Skiiled Trades

The government is also taking steps to address the need for more people to enter the skilled trades. The initiatives proposed in the budget include:

  • “Establishing programs that encourage the people of Ontario to enter skilled trades, get retrained and become aware of the benefits of good-paying jobs in the trades.
  • Developing a one-window digital portal for apprentices.
  • Launching a new micro-credentials pilot this spring to provide people with the skills employers are seeking.
  • Launching a pilot initiative to bring highly skilled immigrants to smaller communities.”

High Speed Rail on hiatus

Included in the budget was an important four-paragraph note on the future of the proposed high-speed rail corridor through southwestern Ontario:

“The Province has paused capital funding for high-speed rail in the 2019 Ontario Budget and is actively exploring opportunities to enhance the train speeds and service levels on existing railway corridors, as well as opportunities for inter-community bus services or other transit solutions that better support the immediate needs of Southwestern Ontario.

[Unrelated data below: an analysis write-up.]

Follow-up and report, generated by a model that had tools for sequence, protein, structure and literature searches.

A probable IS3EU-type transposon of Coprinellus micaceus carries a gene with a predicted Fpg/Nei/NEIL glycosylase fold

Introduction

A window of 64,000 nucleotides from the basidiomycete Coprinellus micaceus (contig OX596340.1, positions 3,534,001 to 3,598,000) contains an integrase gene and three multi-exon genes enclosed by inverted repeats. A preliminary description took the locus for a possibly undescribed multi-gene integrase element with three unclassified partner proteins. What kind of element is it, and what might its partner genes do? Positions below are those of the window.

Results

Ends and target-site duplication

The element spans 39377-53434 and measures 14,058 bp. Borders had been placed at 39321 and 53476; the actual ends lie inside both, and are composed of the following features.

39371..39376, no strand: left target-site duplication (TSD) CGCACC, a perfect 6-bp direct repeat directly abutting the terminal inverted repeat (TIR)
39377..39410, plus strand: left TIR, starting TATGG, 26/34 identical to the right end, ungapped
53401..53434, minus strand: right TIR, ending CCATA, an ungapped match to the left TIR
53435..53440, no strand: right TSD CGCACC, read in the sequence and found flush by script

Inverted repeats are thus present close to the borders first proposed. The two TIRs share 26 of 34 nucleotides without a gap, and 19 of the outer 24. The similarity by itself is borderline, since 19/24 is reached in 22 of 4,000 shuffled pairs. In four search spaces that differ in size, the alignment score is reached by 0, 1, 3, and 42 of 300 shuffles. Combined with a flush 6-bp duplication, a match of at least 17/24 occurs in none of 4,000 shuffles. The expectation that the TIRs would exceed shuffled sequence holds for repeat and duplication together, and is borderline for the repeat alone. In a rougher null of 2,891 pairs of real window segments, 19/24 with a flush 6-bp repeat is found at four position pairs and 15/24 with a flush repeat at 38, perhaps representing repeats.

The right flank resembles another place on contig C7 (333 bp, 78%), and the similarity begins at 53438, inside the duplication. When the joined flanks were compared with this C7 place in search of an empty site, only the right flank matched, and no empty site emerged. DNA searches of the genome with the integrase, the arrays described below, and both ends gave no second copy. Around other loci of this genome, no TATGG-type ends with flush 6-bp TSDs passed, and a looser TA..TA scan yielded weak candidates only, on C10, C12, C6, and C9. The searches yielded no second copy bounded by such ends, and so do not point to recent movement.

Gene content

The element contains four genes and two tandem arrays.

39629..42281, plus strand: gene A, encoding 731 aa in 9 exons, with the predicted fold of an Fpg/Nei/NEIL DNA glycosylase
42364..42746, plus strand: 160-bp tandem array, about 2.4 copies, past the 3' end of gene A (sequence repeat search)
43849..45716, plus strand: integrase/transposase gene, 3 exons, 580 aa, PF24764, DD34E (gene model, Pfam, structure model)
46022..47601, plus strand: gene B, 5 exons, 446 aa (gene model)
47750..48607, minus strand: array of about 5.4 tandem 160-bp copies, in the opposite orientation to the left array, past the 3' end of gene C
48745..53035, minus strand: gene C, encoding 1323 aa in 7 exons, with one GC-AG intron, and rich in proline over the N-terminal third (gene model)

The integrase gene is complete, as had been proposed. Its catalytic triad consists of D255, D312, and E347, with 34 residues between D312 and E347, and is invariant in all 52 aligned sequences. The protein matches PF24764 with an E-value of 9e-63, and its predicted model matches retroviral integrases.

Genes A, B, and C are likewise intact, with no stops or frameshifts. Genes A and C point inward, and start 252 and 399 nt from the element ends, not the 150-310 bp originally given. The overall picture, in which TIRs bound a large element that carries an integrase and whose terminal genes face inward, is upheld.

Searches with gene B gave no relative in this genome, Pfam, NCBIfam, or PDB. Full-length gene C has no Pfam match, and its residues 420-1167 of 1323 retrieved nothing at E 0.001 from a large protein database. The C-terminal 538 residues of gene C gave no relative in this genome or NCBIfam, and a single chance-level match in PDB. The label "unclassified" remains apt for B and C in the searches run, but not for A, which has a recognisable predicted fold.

The Province is completing an analysis of new and existing rail service options that consider the social, environmental and economic impact to area residents, landowners, farmers, businesses and the natural environment.

The Province has listened to the residents in Southwestern Ontario who have expressed concerns that high-speed rail would have negative social, environmental and economic impacts for the region. For example, the agricultural community has warned that the project would create a physical barrier that would eliminate countless hectares of prime agricultural land in one of Canada’s richest farm belts, restricting access to homes, fields and markets.

The Province will bring forward a transportation plan for Southwestern Ontario by fall 2019.”

Health care

The budget did provide a first look at a definitive number for capital investment in the health care sector. According to the budget documentation, the government will spend approximately $17 billion over the next 10 years. It cited 60 projects across the province both in the construction and planning phase, noting that: “the government is committed to working with hospitals to implement these projects to meet local health system needs.”

A five-year increase of $1.75 billion will support the development of an additional 15,000 long-term care beds in the province, as well as the modernization of 15,000 beds to modern design standards, as well as the allocation of 1,157 added beds through 16 projects throughout the province.

The budget also included multiple initiatives already announced, ones that impact infrastructure development in Ontario, including the $1.3-billion transportation budget, scraping green energy contracts, and promoting the expertise of Infrastructure Ontario.

To review the 2019-20 Ontario budget, visit: http://budget.ontario.ca/2019/contents.html